We spiral down slowly
over Sofia. The surrounding land agrarian
almost Bavarian: farms, yellow
fields, hay bales, red rooftops.
Mount Vitosha looms
enduring, gentle guardian.
The city proper asserts itself
with jutting man-made shapes
of questionable function and Soviet
apartment blocks. Yet green patches
amidst the concrete: stubborn life rises
from the confines of its past.
On the ground in a little rental car
we exit the airport,
pass through a Roma settlement
curious eyes glinting
through missing windowpanes. I am reminded
of your tale about Pembe:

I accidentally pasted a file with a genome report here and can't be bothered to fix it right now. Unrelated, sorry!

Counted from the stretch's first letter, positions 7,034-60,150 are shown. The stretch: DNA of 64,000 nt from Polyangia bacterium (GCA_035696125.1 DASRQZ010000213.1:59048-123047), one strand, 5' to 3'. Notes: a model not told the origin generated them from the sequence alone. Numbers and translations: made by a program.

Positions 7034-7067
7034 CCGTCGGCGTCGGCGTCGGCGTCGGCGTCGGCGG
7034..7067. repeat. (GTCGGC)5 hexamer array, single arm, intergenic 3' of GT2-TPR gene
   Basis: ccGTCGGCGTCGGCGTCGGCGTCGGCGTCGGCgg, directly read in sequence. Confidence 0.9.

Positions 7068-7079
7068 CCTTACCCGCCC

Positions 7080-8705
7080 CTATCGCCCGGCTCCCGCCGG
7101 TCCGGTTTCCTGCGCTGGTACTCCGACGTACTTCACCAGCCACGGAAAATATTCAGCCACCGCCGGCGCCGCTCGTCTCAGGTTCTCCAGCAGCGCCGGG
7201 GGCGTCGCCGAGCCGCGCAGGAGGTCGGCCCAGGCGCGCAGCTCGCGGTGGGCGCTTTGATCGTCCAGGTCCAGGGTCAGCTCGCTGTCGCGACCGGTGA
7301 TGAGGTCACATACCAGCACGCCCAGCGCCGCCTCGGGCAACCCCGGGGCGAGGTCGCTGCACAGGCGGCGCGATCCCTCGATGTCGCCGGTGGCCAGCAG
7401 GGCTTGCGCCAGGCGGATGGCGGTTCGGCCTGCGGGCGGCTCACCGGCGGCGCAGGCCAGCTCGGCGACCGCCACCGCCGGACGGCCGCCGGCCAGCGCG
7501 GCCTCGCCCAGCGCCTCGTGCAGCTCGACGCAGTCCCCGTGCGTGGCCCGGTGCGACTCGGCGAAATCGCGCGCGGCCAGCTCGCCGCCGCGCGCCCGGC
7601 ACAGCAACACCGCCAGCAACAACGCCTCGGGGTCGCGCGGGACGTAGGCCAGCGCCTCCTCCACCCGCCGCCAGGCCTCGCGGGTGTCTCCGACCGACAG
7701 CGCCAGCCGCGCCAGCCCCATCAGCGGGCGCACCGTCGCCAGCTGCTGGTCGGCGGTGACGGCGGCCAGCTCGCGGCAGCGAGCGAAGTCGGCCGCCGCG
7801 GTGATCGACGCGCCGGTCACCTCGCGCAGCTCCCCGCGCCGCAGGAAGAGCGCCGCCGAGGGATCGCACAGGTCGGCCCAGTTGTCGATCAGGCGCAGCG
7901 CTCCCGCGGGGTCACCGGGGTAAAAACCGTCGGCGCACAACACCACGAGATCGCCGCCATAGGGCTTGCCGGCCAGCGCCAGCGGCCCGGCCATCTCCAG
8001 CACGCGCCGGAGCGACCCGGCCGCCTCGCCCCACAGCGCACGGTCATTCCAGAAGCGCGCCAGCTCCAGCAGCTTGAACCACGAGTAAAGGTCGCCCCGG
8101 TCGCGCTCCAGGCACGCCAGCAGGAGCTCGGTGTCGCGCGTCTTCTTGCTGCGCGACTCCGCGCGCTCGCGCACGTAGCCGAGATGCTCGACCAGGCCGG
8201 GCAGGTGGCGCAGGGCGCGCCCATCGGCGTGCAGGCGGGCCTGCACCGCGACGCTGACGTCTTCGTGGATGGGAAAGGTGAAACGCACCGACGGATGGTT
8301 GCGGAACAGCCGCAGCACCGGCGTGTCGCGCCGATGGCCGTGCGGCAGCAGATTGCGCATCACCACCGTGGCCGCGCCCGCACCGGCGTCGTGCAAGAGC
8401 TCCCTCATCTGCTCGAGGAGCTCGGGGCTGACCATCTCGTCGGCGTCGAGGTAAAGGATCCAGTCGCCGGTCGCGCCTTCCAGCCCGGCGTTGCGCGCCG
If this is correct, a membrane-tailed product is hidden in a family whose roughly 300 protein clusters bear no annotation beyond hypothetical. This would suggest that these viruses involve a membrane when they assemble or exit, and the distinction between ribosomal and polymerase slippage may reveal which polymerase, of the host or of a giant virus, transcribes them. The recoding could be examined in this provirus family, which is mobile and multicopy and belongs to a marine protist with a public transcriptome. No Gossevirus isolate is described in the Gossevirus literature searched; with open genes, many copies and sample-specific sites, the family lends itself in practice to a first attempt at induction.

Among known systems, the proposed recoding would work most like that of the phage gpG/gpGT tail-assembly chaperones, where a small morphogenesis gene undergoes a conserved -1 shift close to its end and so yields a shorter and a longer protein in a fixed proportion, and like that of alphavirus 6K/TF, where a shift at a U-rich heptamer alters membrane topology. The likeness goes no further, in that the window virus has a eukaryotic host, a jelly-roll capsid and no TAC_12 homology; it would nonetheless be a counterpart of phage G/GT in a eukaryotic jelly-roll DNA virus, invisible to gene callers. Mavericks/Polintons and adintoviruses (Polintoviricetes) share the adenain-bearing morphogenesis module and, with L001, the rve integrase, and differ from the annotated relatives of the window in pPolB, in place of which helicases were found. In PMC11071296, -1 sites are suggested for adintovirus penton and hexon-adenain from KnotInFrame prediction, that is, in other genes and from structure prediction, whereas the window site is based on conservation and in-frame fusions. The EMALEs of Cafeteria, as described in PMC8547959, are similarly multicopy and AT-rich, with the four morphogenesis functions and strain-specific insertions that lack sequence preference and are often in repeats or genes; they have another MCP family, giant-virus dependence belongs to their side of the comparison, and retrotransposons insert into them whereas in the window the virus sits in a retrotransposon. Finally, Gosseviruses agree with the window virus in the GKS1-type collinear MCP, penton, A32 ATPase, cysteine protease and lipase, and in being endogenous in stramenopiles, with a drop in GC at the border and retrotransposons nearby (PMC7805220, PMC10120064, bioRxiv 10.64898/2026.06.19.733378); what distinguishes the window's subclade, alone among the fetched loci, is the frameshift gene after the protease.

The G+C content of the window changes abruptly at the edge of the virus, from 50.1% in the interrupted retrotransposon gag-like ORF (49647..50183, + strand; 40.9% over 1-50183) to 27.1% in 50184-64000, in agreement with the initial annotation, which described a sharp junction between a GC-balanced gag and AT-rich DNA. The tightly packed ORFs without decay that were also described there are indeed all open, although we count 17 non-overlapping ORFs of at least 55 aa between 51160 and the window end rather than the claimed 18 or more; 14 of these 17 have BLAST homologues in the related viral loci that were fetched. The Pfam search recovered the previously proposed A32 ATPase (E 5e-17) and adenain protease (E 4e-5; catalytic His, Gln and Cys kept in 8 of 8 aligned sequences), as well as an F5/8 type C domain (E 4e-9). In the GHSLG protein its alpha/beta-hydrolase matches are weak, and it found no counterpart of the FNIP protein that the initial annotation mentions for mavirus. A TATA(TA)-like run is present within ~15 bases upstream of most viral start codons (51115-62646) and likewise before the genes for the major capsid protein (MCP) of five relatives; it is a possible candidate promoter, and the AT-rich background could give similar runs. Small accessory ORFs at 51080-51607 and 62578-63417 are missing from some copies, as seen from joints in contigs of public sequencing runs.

a young nomadic woman with violet
eyes, barely real
held fleetingly, longed for
into old age.
In the Oborishte neighborhood at night
branches are down
leaves litter the street, surrendered
by imposing trees
to last night’s ravaging hailstorm.
We unload our suitcases
into the graffiti’d entrance
of a utilitarian building, glancing
over our shoulders
at shadows and silhouettes.
Finally, a tiny elevator
delivers us to the fourth floor:
an airy apartment, huge
windows glassy black, armored
and blind to the outside, our eyes
wide in the dark
waiting for morning, waiting
for the veil to lift over Sofia.